Nanny and Poppa each had a full-blooded Cherokee grandparent who was on the Eastern Cherokee tribal rolls. They were spiritually drawn to the old ways and chose to stay on their native ground. From the Smokies of east Tennessee to east of the Blue Ridge Mountains in North Carolina, they settled on old Cherokee ancestral land. They understood that this ancestral land was their sacred spiritual source, just as the Lakota will say the Black Hills are theirs. This is where I spent all my summers as a child.
Poppa wouldn’t give up on me.
“Focus on that tree, little ’un,” he would say. We’re talking around 1967, when I was four.
“Come on, Poppa, I’m hungry.”
“You almost have it. You can get this. Feel her strength. Let her tell you her story. Now sit still and let her play you like you play that piano.”
As I got older Poppa would push me.
“Can you hear the ancestors, little ’un? They are not happy today.”
“No, Poppa, I can’t really hear them.”
“Then ya just aren’t listenin’, are ya? Now don’t you roll those eyes at me. Yer gonna needs to know this one day.”
“How to tap into a place’s power spot.” He would bend down with his hand, touching that sandy Carolina soil.
“What are you talking about?”
“Hum. Ya gotta hear the hum.” He looked straight at me as if I were being told the most important piece of information ever.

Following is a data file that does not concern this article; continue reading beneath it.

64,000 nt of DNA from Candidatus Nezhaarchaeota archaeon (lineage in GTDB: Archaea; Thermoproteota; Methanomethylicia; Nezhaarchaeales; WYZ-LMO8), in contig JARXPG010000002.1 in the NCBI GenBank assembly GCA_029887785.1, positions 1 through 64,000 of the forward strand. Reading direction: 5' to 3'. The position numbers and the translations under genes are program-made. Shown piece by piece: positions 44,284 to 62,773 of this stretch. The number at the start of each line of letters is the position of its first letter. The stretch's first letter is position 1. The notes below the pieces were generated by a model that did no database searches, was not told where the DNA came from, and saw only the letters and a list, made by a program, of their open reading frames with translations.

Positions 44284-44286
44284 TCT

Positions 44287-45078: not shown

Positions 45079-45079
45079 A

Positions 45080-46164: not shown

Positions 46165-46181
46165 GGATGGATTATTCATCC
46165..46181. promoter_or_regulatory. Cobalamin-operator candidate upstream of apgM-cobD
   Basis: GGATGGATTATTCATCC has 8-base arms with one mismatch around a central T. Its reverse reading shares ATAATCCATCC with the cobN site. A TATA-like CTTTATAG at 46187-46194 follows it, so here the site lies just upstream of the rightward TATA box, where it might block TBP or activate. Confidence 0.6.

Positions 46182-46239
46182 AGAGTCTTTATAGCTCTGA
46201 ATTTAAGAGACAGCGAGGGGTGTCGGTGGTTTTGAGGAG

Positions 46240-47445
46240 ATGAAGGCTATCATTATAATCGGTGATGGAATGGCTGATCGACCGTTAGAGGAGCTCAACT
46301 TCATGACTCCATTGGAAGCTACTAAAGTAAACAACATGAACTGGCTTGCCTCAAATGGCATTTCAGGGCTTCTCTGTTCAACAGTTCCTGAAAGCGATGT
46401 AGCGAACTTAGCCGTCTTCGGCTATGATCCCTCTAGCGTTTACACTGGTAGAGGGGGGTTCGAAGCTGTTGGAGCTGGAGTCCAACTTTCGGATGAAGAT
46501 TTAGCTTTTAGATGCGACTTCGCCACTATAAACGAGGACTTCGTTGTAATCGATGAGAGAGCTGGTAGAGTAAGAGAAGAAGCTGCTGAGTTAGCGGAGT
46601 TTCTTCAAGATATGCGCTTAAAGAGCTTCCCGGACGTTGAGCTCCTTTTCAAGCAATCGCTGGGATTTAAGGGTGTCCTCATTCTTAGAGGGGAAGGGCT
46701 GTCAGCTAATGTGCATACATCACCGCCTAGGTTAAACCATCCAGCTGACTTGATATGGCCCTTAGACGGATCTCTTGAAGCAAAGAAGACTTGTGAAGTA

“Yes, the hum of the Great Mother. Let this sink in. Every inch of this land has been walked on by somebody’s ancestors. That means there are events, conversations, killins’, singins’, dancin’—Lord almighty—squabblin’, you name it. It has happened. So ya decides first what ya needs to tap into. Find the way in. Ya must hear the tone. Follow it and yer probably at a vortex.”
“You believe this, Poppa?”
“I know this, Shug: the white man don’t know.”
“Careful, Poppa, Dad’s white.”
“Hmm. He’s Irish-Scottish. That ain’t white. They been fightin’ the white man who takes the land—takes the land till the Grim Reaper comes up and taps the white man on the shoulder and says, ‘No weaslin’ outta this one, yer time has come.’ It used to tickle your old Poppa to see a white man turn white as a ghost.”
“Okay, in English.”
“Most people nowadays, Shug, don’t see. Don’t feel. Don’t hear anythin’ that science can’t prove. A hundred years ago people said a man would never fly.”
“But he couldn’t.”
“Yes, granddaughter. Yes, he could. He just hadn’t figured out how. The Eagle Dancers knew man could fly. It was only in this dimension that the mechanics hadn’t been worked out.”
“So now we know how to fly.”
“Only in the physical, granddaughter, not in the spiritual. Back to your studies, and find me a vortex before lunch.”
“Does my hungry tum-tum count?”
I somehow knew that this was where I had to learn and train. Poppa would talk about shape-shifting, the practice of shifting the containment of the human condition in order to open it up to other forms of consciousness. We’d take walks every day, and he would communicate the way he saw the world, which was that there was life in all things, that...
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Descrizione libro Broadway, 2005. Hardcover. Condizione libro: New. Codice libro della libreria P11076791676X
Descrizione libro Broadway, 2005. Condizione libro: new. Shiny and new! Expect delivery in 20 days. Codice libro della libreria 9780767916769-1